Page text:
How to write goals, objectives and results that grant funders will love!

Although I included an exclamation at the end of this article title, doesn’t it sound as dry as dust? Probably one of the biggest challenges facing grant writers is trying to express meaningful and exciting goals and objectives and their intended outcomes in their applications. Surely you don’t want to: a) bore the grant reviewer to death, b) seriously confuse them, or c) exasperate them to the point of throwing the said app in the nearest trash can. What can a good grant writer do?

Successful grant authors understand that in the midst of the sea of ​​facts and figures, all grant funders really want is to understand how a proposed program will help solve the problem they are trying to address. Using the following techniques, you can also be a rock star who sets goals and gives results. Rock on!

Understand the difference between goals, objectives and results.

While a goal provides a general statement of the purpose of your program, the goals are more specific and specific in how the goal will be achieved. Your results should reflect the expected outcome at the end of the project period of your proposal.

For example, a community cancer wellness program is aimed at cancer patients at risk of not receiving prescribed medical care due to lack of insurance or being uninsured. Below is a suggested goal, objective, and outcome in the application.

Goal: The Cancer Wellness Foundation will help 1,000 people receive medical treatment prescribed for their cancer diagnosis that would otherwise not have access to care.

Goal: Three hundred cancer patients will be issued gas vouchers that they cannot afford to transport to and from the prescribed radiotherapy and chemotherapy consultations.

Result: Ninety-five percent of cancer patients participating in the transportation program will report that they have received all chemotherapy and radiation treatments as recommended by their doctor.

Be as specific as possible.

Funders appreciate as much detail as you can provide in writing measurable goals.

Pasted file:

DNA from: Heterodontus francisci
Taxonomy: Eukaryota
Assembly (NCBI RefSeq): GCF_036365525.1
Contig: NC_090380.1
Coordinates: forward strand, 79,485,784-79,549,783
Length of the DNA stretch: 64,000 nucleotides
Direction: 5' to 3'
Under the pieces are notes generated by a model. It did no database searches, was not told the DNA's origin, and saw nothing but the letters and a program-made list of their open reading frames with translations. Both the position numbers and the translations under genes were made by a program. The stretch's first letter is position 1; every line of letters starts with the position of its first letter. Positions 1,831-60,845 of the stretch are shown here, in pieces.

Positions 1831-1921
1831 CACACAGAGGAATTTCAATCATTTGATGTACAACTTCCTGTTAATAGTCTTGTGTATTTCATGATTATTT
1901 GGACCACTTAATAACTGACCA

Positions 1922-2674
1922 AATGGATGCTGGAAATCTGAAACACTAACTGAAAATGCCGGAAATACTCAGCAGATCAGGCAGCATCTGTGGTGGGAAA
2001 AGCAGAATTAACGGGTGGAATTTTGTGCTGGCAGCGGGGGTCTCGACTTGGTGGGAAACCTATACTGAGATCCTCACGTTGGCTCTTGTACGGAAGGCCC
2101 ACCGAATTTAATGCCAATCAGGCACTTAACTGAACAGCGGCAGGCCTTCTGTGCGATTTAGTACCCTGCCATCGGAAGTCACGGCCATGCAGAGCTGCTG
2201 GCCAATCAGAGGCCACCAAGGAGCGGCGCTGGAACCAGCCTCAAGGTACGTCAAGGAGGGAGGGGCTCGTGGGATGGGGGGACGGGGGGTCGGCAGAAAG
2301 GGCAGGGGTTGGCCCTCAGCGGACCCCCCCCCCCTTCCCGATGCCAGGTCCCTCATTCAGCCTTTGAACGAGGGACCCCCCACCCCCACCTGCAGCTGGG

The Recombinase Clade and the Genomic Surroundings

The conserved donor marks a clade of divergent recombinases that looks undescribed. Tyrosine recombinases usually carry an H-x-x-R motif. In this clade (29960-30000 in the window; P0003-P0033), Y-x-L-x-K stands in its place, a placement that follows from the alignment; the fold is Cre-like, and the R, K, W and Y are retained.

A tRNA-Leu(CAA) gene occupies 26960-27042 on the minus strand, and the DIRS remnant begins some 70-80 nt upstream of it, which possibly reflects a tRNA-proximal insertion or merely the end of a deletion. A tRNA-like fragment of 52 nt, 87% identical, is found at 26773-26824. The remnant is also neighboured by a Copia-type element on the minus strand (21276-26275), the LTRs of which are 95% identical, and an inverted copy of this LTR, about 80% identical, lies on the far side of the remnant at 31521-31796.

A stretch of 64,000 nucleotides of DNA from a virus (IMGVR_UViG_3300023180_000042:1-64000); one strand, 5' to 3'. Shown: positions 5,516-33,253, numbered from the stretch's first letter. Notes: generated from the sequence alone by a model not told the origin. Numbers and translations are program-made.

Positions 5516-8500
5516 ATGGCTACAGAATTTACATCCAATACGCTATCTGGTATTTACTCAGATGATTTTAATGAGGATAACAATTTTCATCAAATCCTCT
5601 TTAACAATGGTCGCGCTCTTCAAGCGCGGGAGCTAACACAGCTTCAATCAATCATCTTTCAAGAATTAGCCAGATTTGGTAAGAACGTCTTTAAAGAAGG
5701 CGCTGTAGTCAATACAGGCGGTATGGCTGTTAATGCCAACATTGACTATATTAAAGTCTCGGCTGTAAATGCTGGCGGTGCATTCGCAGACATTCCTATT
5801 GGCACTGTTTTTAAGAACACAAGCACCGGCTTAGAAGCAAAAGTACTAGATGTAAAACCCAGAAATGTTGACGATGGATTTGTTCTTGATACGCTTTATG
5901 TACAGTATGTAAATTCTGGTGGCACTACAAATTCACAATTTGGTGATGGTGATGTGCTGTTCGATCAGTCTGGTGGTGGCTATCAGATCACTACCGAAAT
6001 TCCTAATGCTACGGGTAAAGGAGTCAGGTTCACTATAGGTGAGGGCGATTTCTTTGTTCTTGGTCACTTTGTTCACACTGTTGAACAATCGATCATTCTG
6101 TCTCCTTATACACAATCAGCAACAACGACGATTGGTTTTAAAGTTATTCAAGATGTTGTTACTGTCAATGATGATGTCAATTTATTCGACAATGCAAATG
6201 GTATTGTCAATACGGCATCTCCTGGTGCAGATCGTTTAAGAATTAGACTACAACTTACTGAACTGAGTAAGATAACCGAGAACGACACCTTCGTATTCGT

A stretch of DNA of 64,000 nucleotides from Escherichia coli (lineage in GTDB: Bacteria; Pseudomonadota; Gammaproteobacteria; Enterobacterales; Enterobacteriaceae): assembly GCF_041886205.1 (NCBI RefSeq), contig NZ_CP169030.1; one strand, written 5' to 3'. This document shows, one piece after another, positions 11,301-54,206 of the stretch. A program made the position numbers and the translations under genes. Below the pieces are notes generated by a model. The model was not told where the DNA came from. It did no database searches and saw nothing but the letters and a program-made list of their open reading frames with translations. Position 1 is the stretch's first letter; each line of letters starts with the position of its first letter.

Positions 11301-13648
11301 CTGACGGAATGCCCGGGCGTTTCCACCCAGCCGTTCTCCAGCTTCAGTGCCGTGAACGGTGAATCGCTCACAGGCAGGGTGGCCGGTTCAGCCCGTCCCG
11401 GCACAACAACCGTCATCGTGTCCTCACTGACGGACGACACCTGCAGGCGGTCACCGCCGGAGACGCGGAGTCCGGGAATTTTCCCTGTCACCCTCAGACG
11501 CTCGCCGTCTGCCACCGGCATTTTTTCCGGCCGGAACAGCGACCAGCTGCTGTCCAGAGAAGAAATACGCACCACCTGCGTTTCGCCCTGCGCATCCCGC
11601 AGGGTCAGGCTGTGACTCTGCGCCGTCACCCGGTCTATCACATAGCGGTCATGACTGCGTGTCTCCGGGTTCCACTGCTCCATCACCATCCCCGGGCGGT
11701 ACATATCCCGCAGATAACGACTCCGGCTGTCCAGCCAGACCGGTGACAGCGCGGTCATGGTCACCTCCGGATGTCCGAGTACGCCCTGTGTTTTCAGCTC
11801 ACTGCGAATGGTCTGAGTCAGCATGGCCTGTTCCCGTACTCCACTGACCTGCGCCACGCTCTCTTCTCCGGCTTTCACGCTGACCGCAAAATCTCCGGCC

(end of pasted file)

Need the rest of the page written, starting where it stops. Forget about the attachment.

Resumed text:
For example, an extracurricular program is aimed at young adolescents at risk to help them complete their high school education.

One goal: Eighty-five percent of program participants will have a better understanding of math and reading skills that will allow them to complete graduation in the future.

A better goal: Eighty-five percent of program participants will obtain at least a higher qualification level by the end of the first year of the program.

Face your facts and figures.

While statistics are an important element in conveying your need and urgency, try to include specific examples of clients that help them paint a visual image in the mind of the grant reviewer.

While the example above provides significant data, see how the following example brings the program to life:

When Karen arrived at the XYZ Youth Center, she was struggling and afraid of not being able to complete her training. He had been skipping classes at least twice a week and had tried two degrees behind. Because Karen’s parents worked long hours to help support the family, she didn’t get the extra help and encouragement she needed at home. Referred to by a social worker, Karen became a participant in the XYZ program and began working with a mentor who provided individual support. She also attended weekly support meetings with other children who, like Karen, had problems. Six months later, Karen reported that she felt less frustrated when she was studying and even began to find her math and reading classes exciting. At the end of Karen’s first year on the program, she took grade level tests and was excited to advance to the next grade with her class.

Remember, it may not be the most fun part of writing your grant application, but the goals and objectives section is important. The time you need to create meaningful program measures is always a time well spent.